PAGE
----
Building Walls in the Owner-Built Home

Ken Kerns covers what you need to know to construct sturdy walls in your self-built home.

| May/June 1972


Bracing tests


Man's first wall was built as a stockade around his village. Its function was to protect from intruders and to contain livestock. In the evolution of house forms, herders de-emphasized the importance of the hunter's roof-tent in favor of wall embellishments based on the village stockade. First, he drove posts into the ground and wove wattle in between. Later, he pressed stiff mud into the wattle — a direct predecessor of our ever-popular suburban "half-timber" style.' Finally, a few thousand years before Christ, the wall builders invented the brick, which essentially brings us to the modern scene.

As contemporary man continues to place brick on brick to form the wall — stockade around his "living" space, he armors against life in much the same manner as his pastoral ancestors. The function of walls for protection persists even though the early pastoral significance has been lost in our present non-pastoral communities. Some self-conscious design reformers later succeeded in disturbing these notions when they started the bring-the-outdoors-in campaign. Result; the picture-window became a stock item and indoor planters defied the "outside" feeling as much as the concrete patio did the "inside" feeling.

It's about time we re-examine the wall in terms of purpose and function. A house can be thought of as having many purposes; but primarily it is a contrivance for regulating (controlling) a segment of our environment. This conditioned environment is enclosed with roof, floor and walls so that weather factors such as air movement, humidity, precipitation, temperature, and light may be regulated. Walls are structural membranes separating the indoor environment from the outdoor environment. On the other hand, the greater the difference between the indoors and the outdoors, the more elaborate must be the wall's inherent properties. The more important characteristics which a wall must have include strength and durability, flow-control (heat, moisture and air), and good design at low cost. These are the more significant properties that will concern us in this chapter.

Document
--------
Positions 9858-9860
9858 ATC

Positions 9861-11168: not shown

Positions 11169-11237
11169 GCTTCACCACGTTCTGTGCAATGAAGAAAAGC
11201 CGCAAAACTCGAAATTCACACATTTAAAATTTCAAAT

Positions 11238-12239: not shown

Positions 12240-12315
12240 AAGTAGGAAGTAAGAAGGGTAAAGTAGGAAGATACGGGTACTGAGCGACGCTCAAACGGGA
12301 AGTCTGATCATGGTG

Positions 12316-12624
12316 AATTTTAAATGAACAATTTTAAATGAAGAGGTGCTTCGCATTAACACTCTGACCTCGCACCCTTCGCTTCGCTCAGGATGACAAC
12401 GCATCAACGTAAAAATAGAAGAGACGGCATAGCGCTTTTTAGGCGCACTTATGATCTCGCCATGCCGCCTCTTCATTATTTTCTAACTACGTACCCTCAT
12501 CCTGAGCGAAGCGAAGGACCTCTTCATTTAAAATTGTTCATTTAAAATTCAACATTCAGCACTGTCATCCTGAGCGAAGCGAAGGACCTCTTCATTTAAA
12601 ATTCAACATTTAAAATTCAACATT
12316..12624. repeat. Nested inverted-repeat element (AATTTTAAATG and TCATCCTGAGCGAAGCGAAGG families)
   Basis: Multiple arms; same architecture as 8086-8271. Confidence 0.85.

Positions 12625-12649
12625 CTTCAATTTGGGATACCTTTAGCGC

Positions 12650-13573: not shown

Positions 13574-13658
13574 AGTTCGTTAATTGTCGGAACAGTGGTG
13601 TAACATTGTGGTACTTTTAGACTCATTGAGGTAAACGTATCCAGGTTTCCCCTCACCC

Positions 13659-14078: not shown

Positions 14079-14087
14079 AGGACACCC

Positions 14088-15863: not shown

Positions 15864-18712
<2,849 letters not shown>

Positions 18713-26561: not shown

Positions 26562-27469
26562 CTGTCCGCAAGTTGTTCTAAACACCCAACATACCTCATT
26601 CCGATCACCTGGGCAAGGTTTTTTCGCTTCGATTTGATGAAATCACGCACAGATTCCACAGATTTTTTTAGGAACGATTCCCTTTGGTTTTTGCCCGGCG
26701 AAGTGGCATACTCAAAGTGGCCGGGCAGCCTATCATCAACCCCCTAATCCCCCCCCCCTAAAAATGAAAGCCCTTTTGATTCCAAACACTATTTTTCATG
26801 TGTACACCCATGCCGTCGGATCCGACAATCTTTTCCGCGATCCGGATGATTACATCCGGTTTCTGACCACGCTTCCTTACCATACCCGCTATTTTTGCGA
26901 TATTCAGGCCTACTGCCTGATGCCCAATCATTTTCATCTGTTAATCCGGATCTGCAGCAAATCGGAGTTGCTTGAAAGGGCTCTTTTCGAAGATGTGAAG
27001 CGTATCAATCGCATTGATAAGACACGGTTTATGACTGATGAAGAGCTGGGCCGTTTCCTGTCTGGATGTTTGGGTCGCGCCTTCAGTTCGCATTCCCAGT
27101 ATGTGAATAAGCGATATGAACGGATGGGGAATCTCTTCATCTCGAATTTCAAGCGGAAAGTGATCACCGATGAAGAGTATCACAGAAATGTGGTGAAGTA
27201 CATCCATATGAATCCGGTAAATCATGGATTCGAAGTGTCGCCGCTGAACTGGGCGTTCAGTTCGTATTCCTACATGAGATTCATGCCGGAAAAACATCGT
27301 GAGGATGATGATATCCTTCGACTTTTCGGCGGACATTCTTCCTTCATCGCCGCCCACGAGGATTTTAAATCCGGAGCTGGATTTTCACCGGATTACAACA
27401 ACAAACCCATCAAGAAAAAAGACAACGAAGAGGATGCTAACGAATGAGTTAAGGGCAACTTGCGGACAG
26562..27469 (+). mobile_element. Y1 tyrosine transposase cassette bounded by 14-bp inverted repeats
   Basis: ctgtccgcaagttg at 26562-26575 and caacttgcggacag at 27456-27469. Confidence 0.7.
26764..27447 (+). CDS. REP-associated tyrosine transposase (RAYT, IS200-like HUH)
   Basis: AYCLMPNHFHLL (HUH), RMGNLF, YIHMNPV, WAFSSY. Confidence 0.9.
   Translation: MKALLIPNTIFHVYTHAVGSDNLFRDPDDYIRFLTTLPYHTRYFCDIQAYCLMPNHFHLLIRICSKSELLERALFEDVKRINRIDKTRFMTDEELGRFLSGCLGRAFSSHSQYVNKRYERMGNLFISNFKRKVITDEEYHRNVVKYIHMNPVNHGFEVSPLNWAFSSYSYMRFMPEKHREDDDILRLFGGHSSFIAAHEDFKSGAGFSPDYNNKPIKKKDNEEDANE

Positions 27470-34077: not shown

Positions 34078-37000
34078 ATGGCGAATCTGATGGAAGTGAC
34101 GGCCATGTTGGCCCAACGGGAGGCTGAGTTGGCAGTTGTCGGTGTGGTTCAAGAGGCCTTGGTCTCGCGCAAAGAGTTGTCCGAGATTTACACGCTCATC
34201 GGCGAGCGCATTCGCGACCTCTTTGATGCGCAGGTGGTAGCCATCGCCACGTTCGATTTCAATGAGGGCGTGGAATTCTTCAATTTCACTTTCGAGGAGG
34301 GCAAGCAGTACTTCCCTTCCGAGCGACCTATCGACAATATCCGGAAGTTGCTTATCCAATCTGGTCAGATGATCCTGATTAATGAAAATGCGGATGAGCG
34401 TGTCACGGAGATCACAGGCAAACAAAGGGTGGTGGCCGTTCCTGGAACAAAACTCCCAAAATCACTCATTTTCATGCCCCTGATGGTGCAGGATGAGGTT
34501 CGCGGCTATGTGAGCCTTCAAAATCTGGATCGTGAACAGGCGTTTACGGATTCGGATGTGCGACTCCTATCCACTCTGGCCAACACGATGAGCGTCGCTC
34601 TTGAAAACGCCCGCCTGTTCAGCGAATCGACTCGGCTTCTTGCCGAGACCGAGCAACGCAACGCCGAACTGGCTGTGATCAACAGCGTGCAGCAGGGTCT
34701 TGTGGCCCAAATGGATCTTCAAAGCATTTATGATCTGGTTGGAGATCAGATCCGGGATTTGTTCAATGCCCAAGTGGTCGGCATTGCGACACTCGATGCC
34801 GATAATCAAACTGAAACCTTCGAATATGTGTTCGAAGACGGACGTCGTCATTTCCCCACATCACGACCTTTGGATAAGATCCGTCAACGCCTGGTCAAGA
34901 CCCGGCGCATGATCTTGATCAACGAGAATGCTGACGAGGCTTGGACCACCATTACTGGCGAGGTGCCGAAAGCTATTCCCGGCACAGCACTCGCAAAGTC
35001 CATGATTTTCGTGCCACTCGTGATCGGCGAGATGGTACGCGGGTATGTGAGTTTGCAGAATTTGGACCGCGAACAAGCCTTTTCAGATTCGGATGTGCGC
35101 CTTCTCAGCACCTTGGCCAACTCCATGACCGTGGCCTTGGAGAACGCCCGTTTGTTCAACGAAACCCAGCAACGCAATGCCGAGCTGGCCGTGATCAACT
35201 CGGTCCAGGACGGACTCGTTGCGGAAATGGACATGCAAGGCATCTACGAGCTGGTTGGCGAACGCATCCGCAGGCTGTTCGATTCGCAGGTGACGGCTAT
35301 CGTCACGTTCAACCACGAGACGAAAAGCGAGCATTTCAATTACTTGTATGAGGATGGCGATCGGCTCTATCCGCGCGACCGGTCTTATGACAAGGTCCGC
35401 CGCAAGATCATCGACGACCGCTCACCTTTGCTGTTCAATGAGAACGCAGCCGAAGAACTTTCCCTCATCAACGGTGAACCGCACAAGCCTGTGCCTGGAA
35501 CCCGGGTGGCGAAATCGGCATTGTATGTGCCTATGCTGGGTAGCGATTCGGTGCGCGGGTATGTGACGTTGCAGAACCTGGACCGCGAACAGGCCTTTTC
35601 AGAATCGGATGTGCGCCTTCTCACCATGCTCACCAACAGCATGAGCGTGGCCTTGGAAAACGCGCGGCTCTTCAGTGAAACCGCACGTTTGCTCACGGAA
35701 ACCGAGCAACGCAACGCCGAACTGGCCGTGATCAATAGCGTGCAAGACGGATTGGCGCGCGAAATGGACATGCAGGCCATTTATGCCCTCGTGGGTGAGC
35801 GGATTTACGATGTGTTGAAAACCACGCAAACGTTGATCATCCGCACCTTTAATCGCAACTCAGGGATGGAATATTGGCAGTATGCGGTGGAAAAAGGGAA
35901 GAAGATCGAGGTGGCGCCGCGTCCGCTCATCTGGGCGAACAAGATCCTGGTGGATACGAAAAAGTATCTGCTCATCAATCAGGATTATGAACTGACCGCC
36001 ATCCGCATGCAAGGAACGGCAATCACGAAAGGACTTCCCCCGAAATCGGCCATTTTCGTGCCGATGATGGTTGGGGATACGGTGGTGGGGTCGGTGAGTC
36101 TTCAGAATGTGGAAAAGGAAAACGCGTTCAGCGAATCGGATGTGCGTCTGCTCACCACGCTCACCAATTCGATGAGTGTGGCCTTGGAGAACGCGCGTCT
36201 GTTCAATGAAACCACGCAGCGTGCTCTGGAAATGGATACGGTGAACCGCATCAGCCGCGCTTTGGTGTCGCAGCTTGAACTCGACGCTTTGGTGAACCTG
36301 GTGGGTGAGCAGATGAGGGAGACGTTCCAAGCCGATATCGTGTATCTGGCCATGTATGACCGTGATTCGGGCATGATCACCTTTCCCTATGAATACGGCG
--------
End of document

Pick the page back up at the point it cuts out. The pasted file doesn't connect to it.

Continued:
Generally speaking, about one-half of the cost of a house is the cost of the materials which go into it, the remainder being labor costs. With this fact in mind one would naturally assume that builders would have a thorough knowledge of the nature and properties of all building material possibilities. The functional performance of a wall material is number one consideration, but at the same time the most economic solution requires a selection of components having the lowest combination of initial cost and maintenance. This long-range cost is too often overlooked by builders in their concern with how much money must be raised in the beginning.

Among the many considerations for selection and evaluation of wall materials, listed below in order of importance. I would certainly include a seemingly far fetched salvage value. Cheaper and easier demolition becomes significant in this era when the average useful life of a building is comparatively short. Plywood paneling and heavy timber framing have high salvage values; brick and concrete have low salvage values.

Check List for the Selection of Wall Materials 

1. initial cost and subsequent maintenance cost.
2. compressive and traverse strength.
3. resistance to natural weathering, chemical attack and atmospheric pollution.
4. combustibility.
5. ease of handling (size, weight, shape) and erection.
6. resistance to scratching and impact.
7. dimensional changes with temperature and moisture content changes.
8. susceptibility to insect attack.
9. appearance in color and texture.
10. moisture penetration resistance.
11. sound insulation and absorption.
12. adaptability to future changes of layout and salvage value.

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